Allmankind ticks a box for Cheltenham
It was always going to be a red letter day at Warwick for Dan Skelton, so no man can have been more anxious to see a day aborted by the weather on Saturday rescheduled to today. BHA has shown admirable flexibility in their programming, made easier by the impact of the weather on the intended fixtures today. And so it turned out.
I have happy memories of this day as one time manager and clerk of the course at Warwick. This day's racing was among the first "Trials" days, set up with the backing of John Poynton, one time owner of Coventry City FC in the halcyon days of them winning an FA Cup under the management of John Sillett. Both were keen racing fans who needed little encouragement to bring the team on a day out for a fixture that at that juncture was staged mid week and lured a crowd in excess of 2,500.
Warwick's strength as a course is in developing the jumping expertise of novices. Any novice chaser who can meet the five fences in the back straight correctly before the final two in the home straight can progress to greater things. The Duke used to swear by novice chases at Warwick. And so it turned out today.
Allmankind, apple of Skelton's eye, cemented his place as third favourite for the Arkle Trophy with a 17l victory in the Grade II Kingmaker Chase, although he'll have to sharpen his jumping in four weeks time. Blunders at the first, ninth and tenth can charitably be put down to a lack of concentration in a small field. But as a comprehensive statement of intent, it served its purpose.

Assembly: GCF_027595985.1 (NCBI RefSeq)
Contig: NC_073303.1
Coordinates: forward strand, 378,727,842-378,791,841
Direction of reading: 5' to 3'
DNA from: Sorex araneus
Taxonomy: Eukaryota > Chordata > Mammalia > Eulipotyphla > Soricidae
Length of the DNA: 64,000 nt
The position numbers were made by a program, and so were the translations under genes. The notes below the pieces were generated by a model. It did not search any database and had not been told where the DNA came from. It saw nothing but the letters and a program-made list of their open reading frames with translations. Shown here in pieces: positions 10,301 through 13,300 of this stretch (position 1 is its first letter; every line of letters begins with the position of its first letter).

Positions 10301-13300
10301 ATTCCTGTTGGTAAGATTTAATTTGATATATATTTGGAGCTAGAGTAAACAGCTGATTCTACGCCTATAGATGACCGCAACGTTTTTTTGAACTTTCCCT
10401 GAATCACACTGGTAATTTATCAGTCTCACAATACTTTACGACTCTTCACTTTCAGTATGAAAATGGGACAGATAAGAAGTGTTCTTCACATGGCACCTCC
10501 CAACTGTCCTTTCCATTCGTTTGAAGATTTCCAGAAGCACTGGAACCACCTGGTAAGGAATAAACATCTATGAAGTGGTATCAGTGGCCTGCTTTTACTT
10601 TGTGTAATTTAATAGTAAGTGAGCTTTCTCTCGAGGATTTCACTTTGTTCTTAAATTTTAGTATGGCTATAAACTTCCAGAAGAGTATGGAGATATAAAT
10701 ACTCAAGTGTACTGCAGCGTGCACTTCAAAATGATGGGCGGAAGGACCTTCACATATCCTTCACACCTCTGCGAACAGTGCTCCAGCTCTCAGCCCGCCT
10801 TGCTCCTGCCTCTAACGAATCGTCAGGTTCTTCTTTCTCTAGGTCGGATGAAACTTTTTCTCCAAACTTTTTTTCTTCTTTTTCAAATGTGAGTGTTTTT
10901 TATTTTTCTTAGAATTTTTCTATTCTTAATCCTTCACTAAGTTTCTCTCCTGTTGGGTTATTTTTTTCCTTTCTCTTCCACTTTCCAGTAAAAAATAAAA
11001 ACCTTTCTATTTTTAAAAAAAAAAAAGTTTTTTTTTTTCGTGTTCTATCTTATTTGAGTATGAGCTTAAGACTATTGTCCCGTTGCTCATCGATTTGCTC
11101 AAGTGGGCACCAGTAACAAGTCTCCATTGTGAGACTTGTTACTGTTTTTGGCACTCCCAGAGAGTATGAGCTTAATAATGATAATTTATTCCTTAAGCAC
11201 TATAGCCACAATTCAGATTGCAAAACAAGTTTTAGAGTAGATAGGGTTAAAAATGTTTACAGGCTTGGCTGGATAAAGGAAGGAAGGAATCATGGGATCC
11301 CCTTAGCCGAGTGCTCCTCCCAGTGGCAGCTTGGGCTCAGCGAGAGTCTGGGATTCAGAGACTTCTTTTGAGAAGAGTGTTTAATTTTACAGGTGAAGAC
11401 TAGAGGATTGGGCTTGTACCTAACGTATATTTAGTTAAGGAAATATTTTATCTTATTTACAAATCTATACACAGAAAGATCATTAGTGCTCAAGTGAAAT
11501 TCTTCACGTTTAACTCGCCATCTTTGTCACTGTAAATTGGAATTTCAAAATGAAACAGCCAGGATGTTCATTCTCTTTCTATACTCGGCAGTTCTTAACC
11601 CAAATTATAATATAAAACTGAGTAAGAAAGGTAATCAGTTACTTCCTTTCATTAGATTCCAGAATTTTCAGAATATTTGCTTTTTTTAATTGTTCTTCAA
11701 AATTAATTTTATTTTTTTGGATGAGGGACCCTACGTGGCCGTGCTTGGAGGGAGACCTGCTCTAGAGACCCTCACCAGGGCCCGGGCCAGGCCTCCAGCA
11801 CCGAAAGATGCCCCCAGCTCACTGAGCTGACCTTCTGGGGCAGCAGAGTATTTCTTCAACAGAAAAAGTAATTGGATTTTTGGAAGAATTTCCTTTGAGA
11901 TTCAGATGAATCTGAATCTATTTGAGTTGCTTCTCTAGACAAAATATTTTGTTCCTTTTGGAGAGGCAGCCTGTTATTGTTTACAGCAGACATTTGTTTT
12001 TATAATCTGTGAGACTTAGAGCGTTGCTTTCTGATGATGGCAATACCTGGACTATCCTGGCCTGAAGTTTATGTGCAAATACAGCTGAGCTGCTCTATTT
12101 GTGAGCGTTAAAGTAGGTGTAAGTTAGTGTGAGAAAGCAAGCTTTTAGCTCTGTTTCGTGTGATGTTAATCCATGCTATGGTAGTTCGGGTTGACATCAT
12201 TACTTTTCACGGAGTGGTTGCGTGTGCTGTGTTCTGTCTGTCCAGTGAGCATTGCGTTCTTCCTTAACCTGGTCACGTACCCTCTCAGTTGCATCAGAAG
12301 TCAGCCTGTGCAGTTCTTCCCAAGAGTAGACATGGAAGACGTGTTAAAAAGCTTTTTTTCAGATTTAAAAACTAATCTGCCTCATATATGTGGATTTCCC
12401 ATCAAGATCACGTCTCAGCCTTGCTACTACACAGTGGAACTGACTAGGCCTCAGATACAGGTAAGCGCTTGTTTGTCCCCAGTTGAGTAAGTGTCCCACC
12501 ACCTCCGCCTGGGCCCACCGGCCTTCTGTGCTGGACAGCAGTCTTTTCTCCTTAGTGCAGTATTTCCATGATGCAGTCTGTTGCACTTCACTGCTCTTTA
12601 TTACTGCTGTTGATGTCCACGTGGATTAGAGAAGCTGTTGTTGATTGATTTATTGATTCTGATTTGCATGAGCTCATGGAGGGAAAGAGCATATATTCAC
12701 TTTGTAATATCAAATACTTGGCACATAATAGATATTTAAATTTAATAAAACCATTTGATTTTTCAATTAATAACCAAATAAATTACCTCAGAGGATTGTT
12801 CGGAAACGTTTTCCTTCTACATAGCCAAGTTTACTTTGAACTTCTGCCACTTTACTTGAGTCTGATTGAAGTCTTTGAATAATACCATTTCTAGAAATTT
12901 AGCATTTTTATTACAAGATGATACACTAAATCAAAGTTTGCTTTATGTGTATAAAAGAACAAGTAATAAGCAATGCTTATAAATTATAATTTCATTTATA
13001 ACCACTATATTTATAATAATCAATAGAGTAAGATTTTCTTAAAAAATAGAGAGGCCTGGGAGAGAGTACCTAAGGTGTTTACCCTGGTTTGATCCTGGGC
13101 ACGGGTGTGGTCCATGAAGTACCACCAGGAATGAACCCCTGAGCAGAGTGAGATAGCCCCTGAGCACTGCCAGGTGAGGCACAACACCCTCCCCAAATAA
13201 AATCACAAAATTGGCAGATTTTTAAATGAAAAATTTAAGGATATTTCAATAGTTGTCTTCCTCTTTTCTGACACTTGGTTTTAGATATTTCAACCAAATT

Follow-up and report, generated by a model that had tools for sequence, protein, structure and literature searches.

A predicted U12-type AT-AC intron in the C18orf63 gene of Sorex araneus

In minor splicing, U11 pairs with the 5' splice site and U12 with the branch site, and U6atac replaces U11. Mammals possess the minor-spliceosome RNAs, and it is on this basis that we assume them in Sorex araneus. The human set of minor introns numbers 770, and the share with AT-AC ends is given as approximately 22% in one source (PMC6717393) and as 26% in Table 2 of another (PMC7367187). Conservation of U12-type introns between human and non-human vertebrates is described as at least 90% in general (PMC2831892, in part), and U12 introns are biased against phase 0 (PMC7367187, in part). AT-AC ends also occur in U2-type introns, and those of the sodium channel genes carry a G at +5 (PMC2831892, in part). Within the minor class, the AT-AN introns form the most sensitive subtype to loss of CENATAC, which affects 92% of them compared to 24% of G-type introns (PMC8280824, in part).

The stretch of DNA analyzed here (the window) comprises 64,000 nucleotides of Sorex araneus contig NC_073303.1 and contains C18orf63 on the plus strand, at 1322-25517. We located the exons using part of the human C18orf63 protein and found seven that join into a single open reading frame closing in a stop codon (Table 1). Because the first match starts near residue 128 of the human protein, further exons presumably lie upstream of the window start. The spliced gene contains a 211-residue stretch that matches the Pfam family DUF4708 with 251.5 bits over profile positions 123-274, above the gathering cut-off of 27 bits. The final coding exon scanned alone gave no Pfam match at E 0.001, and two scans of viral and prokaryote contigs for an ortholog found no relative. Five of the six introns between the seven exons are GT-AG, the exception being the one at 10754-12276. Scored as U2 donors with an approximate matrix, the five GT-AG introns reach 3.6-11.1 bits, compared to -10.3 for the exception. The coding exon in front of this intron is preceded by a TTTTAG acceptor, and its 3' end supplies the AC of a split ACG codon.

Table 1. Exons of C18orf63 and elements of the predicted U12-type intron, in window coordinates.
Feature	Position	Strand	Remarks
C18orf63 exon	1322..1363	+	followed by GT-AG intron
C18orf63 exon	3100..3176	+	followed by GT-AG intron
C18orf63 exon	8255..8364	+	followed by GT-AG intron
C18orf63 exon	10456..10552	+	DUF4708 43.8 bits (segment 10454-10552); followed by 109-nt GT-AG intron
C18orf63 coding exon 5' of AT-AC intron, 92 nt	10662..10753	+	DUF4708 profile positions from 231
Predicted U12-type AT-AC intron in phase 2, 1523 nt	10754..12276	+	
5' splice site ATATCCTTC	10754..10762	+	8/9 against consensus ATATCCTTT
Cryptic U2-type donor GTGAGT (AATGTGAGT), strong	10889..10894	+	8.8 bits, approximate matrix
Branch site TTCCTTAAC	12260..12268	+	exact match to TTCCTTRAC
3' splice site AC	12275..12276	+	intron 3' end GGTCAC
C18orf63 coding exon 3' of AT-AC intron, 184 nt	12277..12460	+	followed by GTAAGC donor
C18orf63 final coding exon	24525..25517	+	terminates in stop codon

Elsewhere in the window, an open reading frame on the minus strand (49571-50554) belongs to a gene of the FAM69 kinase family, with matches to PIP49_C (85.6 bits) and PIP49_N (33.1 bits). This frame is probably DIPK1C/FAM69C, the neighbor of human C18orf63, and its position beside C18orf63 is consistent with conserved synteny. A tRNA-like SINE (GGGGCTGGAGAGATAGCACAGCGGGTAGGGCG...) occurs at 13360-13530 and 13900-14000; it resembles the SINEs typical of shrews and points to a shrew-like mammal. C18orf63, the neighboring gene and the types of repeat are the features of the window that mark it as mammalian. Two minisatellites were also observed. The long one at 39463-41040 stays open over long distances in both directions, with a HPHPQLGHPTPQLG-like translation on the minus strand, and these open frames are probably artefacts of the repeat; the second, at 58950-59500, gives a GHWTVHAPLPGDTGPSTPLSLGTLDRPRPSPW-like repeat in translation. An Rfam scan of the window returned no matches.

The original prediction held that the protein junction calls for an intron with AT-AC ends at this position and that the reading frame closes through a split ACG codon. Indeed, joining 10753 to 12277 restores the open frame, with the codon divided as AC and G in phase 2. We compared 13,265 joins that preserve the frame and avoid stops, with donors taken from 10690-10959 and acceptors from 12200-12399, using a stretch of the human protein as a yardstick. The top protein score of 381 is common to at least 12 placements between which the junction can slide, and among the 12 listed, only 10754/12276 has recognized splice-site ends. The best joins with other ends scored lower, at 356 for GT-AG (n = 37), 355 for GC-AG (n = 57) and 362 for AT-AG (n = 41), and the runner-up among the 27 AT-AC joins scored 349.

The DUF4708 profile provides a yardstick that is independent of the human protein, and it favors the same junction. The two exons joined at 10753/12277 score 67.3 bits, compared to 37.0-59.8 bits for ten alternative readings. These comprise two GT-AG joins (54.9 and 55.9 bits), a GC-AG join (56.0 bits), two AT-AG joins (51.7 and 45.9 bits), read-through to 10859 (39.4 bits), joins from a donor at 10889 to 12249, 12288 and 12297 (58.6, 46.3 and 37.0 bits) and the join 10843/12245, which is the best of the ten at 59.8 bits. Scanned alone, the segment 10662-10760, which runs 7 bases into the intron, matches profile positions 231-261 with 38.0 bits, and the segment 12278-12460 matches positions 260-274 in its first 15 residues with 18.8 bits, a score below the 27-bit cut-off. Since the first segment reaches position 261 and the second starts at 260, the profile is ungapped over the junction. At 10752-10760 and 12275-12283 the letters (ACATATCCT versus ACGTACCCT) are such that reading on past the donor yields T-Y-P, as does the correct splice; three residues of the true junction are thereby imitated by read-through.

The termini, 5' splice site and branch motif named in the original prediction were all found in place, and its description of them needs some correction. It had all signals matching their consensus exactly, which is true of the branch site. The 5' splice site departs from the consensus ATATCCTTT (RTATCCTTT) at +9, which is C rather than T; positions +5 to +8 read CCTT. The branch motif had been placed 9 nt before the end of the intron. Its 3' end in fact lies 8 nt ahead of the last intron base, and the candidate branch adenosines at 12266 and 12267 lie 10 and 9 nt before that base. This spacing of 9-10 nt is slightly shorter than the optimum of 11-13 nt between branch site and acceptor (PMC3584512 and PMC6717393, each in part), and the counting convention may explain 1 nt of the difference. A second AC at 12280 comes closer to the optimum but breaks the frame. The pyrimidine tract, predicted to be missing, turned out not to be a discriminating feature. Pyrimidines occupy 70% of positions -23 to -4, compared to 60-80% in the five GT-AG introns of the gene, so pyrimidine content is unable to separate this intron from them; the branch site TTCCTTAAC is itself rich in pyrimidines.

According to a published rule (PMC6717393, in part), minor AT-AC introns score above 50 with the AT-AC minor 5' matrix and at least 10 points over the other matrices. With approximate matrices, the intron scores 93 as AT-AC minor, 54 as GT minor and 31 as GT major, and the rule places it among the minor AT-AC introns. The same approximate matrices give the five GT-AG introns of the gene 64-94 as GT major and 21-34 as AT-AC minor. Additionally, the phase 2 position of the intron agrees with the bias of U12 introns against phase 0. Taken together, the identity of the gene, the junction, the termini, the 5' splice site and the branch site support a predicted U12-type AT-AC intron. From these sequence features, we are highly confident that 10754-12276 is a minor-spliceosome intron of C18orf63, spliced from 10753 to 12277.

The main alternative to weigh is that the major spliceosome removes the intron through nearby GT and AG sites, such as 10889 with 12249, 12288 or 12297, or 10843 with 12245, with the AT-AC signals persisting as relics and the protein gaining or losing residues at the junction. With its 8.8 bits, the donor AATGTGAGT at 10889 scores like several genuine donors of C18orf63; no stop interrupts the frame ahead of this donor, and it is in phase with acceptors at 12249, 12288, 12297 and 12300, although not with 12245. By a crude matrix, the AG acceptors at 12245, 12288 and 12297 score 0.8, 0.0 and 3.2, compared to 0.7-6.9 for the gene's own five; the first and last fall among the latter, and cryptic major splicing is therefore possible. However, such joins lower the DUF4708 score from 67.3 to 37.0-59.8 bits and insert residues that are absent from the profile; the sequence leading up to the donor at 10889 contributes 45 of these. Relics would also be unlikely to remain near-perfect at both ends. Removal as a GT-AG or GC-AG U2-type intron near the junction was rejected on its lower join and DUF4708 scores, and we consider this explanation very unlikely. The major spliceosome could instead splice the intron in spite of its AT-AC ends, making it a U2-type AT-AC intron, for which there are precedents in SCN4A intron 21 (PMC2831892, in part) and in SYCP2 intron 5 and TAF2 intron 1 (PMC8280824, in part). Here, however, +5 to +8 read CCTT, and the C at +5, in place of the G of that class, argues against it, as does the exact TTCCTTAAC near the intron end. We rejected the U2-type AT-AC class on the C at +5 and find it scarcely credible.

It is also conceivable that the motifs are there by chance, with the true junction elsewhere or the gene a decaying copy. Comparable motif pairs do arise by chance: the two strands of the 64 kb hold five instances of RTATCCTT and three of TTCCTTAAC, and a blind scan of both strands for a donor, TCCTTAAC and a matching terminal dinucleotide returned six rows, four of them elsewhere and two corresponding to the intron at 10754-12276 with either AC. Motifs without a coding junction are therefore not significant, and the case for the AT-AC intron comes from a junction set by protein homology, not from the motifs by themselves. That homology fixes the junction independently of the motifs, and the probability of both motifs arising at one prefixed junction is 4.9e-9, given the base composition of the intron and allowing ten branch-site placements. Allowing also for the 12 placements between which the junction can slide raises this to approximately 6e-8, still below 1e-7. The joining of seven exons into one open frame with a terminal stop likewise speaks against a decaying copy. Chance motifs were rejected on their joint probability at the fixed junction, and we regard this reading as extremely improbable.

Benny's Oscar started the day well for the Alcester Skelton team in a race that has delivered winners of the Ballymore Novices on many previous occasions. A generation ago, this race produced winners of the calibre of Thetford Forest (O Sherwood) and Rebel Song (O Sherwood), both of whom went on to Ballymore success. The race has since lost some tarnish and its place has largely been taken by the Grade II Leamington Hurdle at the January fixture.
In any case, the Ballymore has become an Irish benefit in recent years. Only 8 of the last 20 winners have been trained in Britain, the last being Ben Pauling's Willoughby Court in 2017.
Meanwhile, the weather has been playing a poor hand to contenders hoping to secure qualification for next month's Foxhunter Chase at Cheltenham. Of 20+ Hunter chases programmed prior to the entry stage on March 2, four alone were lost last week, amply justifying the efforts of early season winners who won their open races before Lockdown 2. You can't hep but feel this may be the year when horses who have run in this race previously will hold home advantage.